Because LPSAT uses a randomized backtracking algorithm and because early experimental results showed a small percentage of runs far exceeded the median runtime, we experimented with random restarts using a process similar to the one described in [Gomes et al.1998]. We cut off solving at a deadline  which can be either fixed beforehand or geometrically increasing  and restart the solver with a new random seed.
0.55figs/restart3.eps

Figure 8 shows the results of these experiments. We first ran the algorithm twenty times on each problem to produce the ``Raw'' entries^{6}. Then, we calculated the cutoff time which minimized the expected runtime of the system based on these twenty runs. Finally, we reran the problems with this tuned cutoff time to produce the ``Tuned Cutoff'' data.
While this technique provides some speedup on logb and impressive speedup on logc, it requires substantial, preliminary research into the difficulty of the problem (in order to determine the appropriate cutoff time). Unless LPSAT is being used repeatedly to solve a single problem or several very similar problems, the process of finding good restart times will dominate overall runtime.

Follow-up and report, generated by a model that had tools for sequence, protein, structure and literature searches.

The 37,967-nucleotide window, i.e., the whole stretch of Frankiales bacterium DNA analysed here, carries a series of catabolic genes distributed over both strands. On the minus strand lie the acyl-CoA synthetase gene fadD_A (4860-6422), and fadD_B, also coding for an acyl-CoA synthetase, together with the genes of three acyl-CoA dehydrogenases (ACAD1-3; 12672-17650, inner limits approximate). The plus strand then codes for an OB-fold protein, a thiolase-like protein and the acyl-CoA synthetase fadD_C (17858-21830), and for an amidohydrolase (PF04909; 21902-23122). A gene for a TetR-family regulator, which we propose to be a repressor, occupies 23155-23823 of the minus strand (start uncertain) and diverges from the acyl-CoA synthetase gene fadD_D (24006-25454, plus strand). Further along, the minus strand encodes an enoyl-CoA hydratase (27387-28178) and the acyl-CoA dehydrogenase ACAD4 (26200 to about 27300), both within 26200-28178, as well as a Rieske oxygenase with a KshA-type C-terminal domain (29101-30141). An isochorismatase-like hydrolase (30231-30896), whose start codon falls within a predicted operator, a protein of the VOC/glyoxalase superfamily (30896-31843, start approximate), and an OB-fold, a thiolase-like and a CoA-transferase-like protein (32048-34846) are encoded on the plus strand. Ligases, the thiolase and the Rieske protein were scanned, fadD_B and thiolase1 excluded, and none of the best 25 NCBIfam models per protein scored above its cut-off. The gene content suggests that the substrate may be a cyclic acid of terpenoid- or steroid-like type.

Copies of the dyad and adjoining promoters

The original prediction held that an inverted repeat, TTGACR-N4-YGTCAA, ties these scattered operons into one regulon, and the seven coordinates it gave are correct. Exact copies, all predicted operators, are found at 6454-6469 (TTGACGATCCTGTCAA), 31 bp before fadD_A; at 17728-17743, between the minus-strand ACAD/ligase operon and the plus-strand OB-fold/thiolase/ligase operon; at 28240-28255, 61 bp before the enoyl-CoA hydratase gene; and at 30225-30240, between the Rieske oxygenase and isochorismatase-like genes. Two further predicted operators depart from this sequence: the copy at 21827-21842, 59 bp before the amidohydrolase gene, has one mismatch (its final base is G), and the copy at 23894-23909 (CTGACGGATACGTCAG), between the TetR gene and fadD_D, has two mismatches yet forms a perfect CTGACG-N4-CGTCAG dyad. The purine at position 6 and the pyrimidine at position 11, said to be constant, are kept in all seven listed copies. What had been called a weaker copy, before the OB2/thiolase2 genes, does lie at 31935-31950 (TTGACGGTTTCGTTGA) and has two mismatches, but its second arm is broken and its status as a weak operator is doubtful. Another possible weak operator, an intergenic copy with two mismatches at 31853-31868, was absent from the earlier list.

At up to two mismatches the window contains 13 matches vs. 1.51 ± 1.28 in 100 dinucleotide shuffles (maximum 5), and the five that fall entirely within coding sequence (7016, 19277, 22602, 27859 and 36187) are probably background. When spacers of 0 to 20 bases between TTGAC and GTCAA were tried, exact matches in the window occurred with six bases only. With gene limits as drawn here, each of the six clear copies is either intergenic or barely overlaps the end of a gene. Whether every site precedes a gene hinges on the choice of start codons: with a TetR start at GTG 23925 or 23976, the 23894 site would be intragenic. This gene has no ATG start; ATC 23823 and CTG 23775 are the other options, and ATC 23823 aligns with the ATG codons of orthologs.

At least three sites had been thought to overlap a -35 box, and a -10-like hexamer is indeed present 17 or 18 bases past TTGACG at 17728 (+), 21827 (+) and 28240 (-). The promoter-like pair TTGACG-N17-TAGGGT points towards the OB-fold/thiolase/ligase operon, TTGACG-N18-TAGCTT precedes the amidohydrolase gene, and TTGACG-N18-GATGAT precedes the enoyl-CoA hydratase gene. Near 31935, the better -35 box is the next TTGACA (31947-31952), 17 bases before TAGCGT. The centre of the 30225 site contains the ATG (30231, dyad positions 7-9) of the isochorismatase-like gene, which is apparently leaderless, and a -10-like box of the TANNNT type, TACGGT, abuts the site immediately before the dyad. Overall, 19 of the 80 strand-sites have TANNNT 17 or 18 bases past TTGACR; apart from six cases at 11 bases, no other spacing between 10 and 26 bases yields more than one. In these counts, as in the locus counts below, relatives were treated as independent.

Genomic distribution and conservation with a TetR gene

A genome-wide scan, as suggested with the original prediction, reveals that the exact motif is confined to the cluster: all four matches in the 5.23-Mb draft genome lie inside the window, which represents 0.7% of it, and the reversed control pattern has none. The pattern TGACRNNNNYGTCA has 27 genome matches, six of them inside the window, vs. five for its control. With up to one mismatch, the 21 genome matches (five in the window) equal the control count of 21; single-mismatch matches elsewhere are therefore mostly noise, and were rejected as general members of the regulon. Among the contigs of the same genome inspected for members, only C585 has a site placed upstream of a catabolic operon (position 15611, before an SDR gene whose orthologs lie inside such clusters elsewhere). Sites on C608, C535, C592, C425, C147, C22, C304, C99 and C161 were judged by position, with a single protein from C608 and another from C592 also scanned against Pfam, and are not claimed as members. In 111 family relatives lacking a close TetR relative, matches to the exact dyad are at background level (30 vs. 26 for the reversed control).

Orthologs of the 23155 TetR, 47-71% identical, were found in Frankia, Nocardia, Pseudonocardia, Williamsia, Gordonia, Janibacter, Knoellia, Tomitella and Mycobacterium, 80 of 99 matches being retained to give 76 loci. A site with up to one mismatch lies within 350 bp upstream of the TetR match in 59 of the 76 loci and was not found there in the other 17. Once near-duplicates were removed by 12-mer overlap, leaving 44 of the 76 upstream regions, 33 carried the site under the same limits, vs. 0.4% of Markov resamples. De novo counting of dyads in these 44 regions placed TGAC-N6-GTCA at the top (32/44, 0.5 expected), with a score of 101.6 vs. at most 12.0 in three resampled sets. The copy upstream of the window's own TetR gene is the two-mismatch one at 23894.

Therefore, we also experimented with a restart system which requires no prior analysis. This ``Cutoff doubling'' approach sets an initial restart limit of one second and increases that limit by a factor of two on each restart until reaching a solution. We have not yet performed any theoretical analysis of the effectiveness of this technique, but Figure 8 demonstrates a small improvement. More interesting than the average improvement, however, is the fact that this method improved the consistency of the runtimes on the harder problems; indeed, on logc five of the twenty ``Raw'' runs lasted longer than the longest ``Cutoff doubling'' run.